COVID-19 vaccine trials in China deemed safe to move to phase three © Getty Images

COVID-19 vaccine trials in China deemed safe to move to phase three

Phase two of the research found 95 per cent of those who received a high-dose of the vaccine showed either antibody or T-cell immune response after 28 days.

A team of Chinese researchers are preparing to launch a third phase of testing for a potential COVID-19 vaccine after it was found to be safe during a trial involving just over 500 people.

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Scientists from a range of Chinese research institutions found the vaccine candidate provoked a double immune response by stimulating two types of antibodies and also T-cells.

The second phase of testing was conducted over the course of April, and aimed to evaluate the immune response, safety and determine the most suitable dose for a third round of trials.

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During the trial, 253 people received a high dose of the vaccine, 129 received a low dose, while 126 were given a placebo.

The research, published in The Lancet, found 95 per cent of participants in the high-dose group and 91 per cent of the low-does group showed either antibody or T-cell immune response 28 days after vaccination.

Because there is still no universally successful COVID-19 therapy, participants were not deliberately exposed the virus.

As a result, it is still unclear whether the level of immune response provided by the vaccine is sufficient to protect against infection from the coronavirus.

T-cells attack the coronavirus © Getty Images
T-cells attack the coronavirus © Getty Images

These two immune responses work together to resist infection – antibodies are found in bodily fluids and tackle viruses by either neutralising them or binding to them to flag them up to other immune cells.

T-cells can recognise and kill a cell that has been hijacked by a virus and turned into a little factory generating new viruses – acting as a backstop if viruses do manage to get past the antibodies.

In the study, T-cell responses were found in 90 per cent of the high-dose participants and 88 per cent of the low-dose participants. It was found that the vaccine generated a neutralising antibody response in 59 per cent of high-dose and 47 per cent of low-dose participants.

It generated a binding antibody response in 96 per cent of the high-dose and 97 per cent of the low-dose group, while he participants in the placebo group showed no antibody increase from baseline.

During phase two of testing, 24 people in the high-dose group had a severe reaction to the vaccine, one in the low-dose group and two people in the placebo group – the most common severe reaction was fever.

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Professor Feng-Cai Zhu, of China’s Jiangsu Provincial Centre for Disease Control and Prevention, said: “This is an important step in evaluating this early-stage experimental vaccine and phase-three trials are now under way.”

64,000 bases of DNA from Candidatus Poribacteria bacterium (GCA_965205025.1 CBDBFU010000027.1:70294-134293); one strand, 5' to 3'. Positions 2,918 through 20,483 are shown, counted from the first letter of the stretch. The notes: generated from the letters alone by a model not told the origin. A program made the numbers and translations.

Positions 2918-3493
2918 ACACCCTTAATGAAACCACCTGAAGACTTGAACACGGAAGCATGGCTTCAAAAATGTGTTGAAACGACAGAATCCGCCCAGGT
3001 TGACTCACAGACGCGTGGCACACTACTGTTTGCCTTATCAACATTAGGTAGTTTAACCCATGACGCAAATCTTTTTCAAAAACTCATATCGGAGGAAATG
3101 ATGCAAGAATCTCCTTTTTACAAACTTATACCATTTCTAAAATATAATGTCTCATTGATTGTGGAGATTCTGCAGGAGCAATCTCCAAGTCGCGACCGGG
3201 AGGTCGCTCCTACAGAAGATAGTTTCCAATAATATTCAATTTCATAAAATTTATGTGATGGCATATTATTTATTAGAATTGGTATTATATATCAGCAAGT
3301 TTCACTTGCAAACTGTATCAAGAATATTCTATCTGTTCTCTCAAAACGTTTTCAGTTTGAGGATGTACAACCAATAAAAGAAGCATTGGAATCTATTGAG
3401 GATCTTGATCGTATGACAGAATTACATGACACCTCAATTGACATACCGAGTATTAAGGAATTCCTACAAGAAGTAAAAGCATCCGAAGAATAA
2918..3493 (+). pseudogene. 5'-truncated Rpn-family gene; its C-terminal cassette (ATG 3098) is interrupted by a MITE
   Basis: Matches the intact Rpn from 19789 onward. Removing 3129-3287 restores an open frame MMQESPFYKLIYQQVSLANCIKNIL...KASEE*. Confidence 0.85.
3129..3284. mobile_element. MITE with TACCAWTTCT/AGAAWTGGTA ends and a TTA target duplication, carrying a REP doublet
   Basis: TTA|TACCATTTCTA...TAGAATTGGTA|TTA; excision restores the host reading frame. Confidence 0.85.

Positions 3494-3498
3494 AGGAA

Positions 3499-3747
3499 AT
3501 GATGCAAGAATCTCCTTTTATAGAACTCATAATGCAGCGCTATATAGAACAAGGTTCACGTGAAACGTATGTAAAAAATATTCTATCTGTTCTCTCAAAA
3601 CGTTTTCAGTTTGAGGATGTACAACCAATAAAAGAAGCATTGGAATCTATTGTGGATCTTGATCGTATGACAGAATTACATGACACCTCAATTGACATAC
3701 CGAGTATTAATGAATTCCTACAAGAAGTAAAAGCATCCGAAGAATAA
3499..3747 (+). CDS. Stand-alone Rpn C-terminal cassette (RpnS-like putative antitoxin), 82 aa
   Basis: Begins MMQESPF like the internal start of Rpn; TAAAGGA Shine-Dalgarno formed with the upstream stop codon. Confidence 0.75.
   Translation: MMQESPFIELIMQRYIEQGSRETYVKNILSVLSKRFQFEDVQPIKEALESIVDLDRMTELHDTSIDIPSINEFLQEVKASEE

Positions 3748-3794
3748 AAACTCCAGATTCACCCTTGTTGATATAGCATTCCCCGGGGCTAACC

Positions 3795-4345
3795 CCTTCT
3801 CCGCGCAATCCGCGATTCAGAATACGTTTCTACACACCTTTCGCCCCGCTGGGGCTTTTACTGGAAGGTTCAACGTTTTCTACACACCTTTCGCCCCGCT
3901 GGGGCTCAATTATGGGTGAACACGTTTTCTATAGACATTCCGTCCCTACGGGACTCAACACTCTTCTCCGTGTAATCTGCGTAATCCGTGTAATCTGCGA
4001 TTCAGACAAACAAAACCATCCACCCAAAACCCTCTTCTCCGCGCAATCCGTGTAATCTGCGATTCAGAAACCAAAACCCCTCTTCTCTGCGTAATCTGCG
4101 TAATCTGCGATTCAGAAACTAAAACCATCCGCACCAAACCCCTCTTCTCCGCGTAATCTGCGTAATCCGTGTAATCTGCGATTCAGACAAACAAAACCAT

Just 13 per cent of those involved were over the age of 55, and the third round of testing is expected to include much greater numbers of older people.

Professor Wei Chen, from the Beijing Institute of Biotechnology, says: “Since elderly individuals face a high risk of serious illness and even death associated with COVID-19 infection, they are an important target population for a COVID-19 vaccine.

“It is possible that an additional dose may be needed in order to induce a stronger immune response in the elderly population, but further research is under way to evaluate this.”

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The researchers also emphasised it is not clear if any immune response may last, as participants were last tested just 28 days after receiving their dose of the vaccine.

How do scientists develop vaccines for new viruses?

Vaccines work by fooling our bodies into thinking that we’ve been infected by a virus. Our body mounts an immune response, and builds a memory of that virus which will enable us to fight it in the future.

Viruses and the immune system interact in complex ways, so there are many different approaches to developing an effective vaccine. The two most common types are inactivated vaccines (which use harmless viruses that have been ‘killed’, but which still activate the immune system), and attenuated vaccines (which use live viruses that have been modified so that they trigger an immune response without causing us harm).

A more recent development is recombinant vaccines, which involve genetically engineering a less harmful virus so that it includes a small part of the target virus. Our body launches an immune response to the carrier virus, but also to the target virus.

Over the past few years, this approach has been used to develop a vaccine (called rVSV-ZEBOV) against the Ebola virus. It consists of a vesicular stomatitis animal virus (which causes flu-like symptoms in humans), engineered to have an outer protein of the Zaire strain of Ebola.

Vaccines go through a huge amount of testing to check that they are safe and effective, whether there are any side effects, and what dosage levels are suitable. It usually takes years before a vaccine is commercially available.

Sometimes this is too long, and the new Ebola vaccine is being administered under ‘compassionate use’ terms: it has yet to complete all its formal testing and paperwork, but has been shown to be safe and effective. Something similar may be possible if one of the many groups around the world working on a vaccine for the new strain of coronavirus (SARS-CoV-2) is successful.

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